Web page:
How Can Tenants Capitalize on Opportunities in the Office Market?
One of the ongoing topics of discussion over the past nine months has been surrounding how companies will use office space going forward. There have been numerous articles written about how working from home will negatively affect the office market. It is interesting how the pendulum has swung in the past few months and that now there is mounting evidence that many executives want their employees to return to the office. In most cases this will not be a return to the way things were. Most companies are evaluating the merits of a hybrid model incorporating both working from home and the office. This will cause a need to redesign the office in many ways to facilitate the new way of working, foster employee engagement and collaboration and strengthen culture. In many cases this will also cause a net decrease in the amount of space leased.
In most major submarkets there is currently a glut of available sublease space and direct vacancy has increased. In addition, leasing activity and net absorption are off significantly from the levels achieved in 2018-2019.It is predicted that there will be more direct vacancy as subleases expire. Offsetting some of the negative news on the supply side is continued interest and activity from companies relocating to Denver.
While landlords have not lowered asking rents yet, there has been an increase in concessions including free rent and increased tenant improvement allowances because of the supply/demand dynamics. The chart below clearly shows the decrease in absorption and the corresponding increase in vacancy rate.
We believe that the change and uncertainty will create opportunities for tenants that are thoughtful and prepared. What should tenants with leases expiring in the next 3-4 years do to capitalize?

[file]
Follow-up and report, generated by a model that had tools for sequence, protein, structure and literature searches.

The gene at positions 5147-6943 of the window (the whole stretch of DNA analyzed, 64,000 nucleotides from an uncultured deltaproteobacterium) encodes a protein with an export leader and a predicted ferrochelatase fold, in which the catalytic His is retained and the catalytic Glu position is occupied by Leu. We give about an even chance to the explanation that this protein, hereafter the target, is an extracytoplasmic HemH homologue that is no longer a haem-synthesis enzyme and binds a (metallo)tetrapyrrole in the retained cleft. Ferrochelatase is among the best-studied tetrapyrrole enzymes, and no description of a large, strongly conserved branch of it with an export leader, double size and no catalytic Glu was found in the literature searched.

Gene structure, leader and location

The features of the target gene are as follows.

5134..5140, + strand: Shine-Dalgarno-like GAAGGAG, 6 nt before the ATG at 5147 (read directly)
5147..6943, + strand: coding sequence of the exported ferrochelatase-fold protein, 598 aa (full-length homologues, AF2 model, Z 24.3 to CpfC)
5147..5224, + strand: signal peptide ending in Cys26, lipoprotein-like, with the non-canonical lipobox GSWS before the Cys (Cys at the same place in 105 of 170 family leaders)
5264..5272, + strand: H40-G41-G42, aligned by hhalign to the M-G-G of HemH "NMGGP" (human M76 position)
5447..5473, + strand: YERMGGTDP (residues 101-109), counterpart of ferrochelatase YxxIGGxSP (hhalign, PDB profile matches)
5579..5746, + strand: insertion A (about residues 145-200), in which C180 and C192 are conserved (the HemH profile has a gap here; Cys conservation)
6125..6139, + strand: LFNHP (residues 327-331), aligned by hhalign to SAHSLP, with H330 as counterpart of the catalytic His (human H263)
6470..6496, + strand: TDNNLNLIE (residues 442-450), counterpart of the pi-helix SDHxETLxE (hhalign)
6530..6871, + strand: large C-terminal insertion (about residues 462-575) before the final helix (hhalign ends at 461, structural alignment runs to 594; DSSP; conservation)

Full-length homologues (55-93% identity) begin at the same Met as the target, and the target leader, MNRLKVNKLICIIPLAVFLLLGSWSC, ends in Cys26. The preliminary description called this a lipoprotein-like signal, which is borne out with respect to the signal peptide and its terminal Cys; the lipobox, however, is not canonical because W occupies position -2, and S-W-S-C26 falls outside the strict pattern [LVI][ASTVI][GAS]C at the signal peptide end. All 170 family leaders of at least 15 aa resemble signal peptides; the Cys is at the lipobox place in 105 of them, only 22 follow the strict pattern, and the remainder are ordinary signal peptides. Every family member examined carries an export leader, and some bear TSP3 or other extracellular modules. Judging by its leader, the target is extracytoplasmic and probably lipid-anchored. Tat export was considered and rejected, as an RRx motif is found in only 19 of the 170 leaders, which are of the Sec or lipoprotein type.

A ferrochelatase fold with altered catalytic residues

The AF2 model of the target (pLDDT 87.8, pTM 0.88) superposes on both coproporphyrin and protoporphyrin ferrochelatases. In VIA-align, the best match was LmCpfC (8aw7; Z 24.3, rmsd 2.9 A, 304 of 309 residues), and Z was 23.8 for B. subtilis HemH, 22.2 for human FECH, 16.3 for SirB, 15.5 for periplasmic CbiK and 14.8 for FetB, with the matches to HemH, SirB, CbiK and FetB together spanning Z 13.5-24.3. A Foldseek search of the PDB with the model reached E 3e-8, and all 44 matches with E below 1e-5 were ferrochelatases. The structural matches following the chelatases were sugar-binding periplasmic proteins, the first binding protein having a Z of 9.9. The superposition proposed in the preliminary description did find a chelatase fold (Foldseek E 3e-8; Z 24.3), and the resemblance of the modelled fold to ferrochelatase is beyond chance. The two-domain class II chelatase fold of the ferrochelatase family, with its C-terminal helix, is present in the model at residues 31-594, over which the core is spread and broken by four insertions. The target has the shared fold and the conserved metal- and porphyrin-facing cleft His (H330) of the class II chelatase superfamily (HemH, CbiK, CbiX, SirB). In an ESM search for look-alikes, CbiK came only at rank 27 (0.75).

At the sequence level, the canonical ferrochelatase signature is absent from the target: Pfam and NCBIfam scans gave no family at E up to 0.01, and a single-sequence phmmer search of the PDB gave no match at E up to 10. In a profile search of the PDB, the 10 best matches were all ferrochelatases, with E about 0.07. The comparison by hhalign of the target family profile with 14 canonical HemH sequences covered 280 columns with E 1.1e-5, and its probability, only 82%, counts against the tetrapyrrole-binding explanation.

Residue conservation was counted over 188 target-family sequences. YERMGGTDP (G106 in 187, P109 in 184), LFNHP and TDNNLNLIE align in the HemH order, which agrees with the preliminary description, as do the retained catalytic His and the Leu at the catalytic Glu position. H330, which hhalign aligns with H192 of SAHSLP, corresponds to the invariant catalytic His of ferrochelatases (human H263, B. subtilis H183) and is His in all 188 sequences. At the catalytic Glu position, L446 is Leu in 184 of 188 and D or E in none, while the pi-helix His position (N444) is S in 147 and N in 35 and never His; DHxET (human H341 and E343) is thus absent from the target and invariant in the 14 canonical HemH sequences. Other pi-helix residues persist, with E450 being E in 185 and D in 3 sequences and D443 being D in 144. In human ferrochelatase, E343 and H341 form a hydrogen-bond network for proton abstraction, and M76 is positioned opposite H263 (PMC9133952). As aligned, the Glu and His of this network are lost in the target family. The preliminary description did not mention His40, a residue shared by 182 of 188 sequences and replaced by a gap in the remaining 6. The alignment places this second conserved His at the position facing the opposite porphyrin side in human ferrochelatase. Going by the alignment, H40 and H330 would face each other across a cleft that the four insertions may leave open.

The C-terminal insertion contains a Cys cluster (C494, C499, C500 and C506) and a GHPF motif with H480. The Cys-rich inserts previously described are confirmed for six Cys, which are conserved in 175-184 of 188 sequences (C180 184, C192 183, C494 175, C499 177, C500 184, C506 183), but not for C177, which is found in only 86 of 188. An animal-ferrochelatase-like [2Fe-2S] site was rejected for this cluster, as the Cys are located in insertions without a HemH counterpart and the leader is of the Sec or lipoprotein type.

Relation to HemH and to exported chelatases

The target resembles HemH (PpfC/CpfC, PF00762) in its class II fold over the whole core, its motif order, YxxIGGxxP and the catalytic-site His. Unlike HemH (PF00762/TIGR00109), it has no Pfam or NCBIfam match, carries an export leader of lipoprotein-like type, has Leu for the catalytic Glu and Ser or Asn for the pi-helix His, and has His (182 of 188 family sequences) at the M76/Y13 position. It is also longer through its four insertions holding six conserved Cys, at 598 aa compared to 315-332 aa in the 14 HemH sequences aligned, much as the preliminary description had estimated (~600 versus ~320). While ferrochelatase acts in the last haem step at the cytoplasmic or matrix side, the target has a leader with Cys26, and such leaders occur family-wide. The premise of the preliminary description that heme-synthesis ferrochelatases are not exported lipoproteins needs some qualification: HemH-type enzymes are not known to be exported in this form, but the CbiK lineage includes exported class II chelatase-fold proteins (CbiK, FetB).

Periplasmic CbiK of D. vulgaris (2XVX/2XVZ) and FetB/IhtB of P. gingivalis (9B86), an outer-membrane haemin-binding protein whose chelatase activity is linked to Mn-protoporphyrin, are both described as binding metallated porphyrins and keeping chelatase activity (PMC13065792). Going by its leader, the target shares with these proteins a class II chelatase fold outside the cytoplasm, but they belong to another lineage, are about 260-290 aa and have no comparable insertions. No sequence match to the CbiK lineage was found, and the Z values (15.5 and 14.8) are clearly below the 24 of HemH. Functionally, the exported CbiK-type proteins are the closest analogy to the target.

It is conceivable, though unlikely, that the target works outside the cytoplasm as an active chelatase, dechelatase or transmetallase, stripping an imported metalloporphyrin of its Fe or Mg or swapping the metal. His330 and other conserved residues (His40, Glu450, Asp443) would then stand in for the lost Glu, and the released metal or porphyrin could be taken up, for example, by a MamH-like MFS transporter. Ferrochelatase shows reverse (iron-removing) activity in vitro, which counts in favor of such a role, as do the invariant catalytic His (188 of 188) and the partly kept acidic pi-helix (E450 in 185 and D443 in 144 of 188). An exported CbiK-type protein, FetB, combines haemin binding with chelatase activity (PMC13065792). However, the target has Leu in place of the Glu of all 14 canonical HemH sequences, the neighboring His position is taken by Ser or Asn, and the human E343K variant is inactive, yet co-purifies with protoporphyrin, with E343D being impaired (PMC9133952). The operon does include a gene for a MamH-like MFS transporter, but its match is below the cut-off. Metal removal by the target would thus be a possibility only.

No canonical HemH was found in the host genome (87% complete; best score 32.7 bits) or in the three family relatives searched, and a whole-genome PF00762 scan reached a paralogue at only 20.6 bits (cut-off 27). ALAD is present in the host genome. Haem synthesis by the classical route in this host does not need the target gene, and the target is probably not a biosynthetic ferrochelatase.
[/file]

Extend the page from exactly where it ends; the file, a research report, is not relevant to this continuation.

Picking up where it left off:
Step one is to understand your current situation. What is your fully escalated rental rate? How does that compare to current market? When does the lease expire? Is there a restoration obligation? What is your current landlord’s position and exposure?
Step two is to understand how much space you will need going forward and how it will be configured. How much will this cost? How will your current and future employees react to the “office of the future”?
Step three is to carefully evaluate location and building quality. Is your current location and building quality ideal as you look forward? Is a relocation within your current submarket or to a different submarket the best choice?
Step four is to understand the timeline and its impact on negotiations. The amount of time required to complete a successful office lease transaction will vary based on size and most tenants underestimate how much time is required. We counsel our clients that it is rarely a mistake to start the process too early and almost always a mistake to start too late.
Looking into the future, we believe that there will be opportunities for tenants to restructure leases early as well as relocate early. Either one of these options will enable you to redesign your space to attract and retain talent, improve morale, and bolster company culture. In addition, it is highly likely that occupancy costs will be reduced.
What is the ideal path forward for your company? The answer requires some thought and due diligence as every situation is different. We recommend to our clients and potential clients to follow the above steps and put your company in a position to capitalize.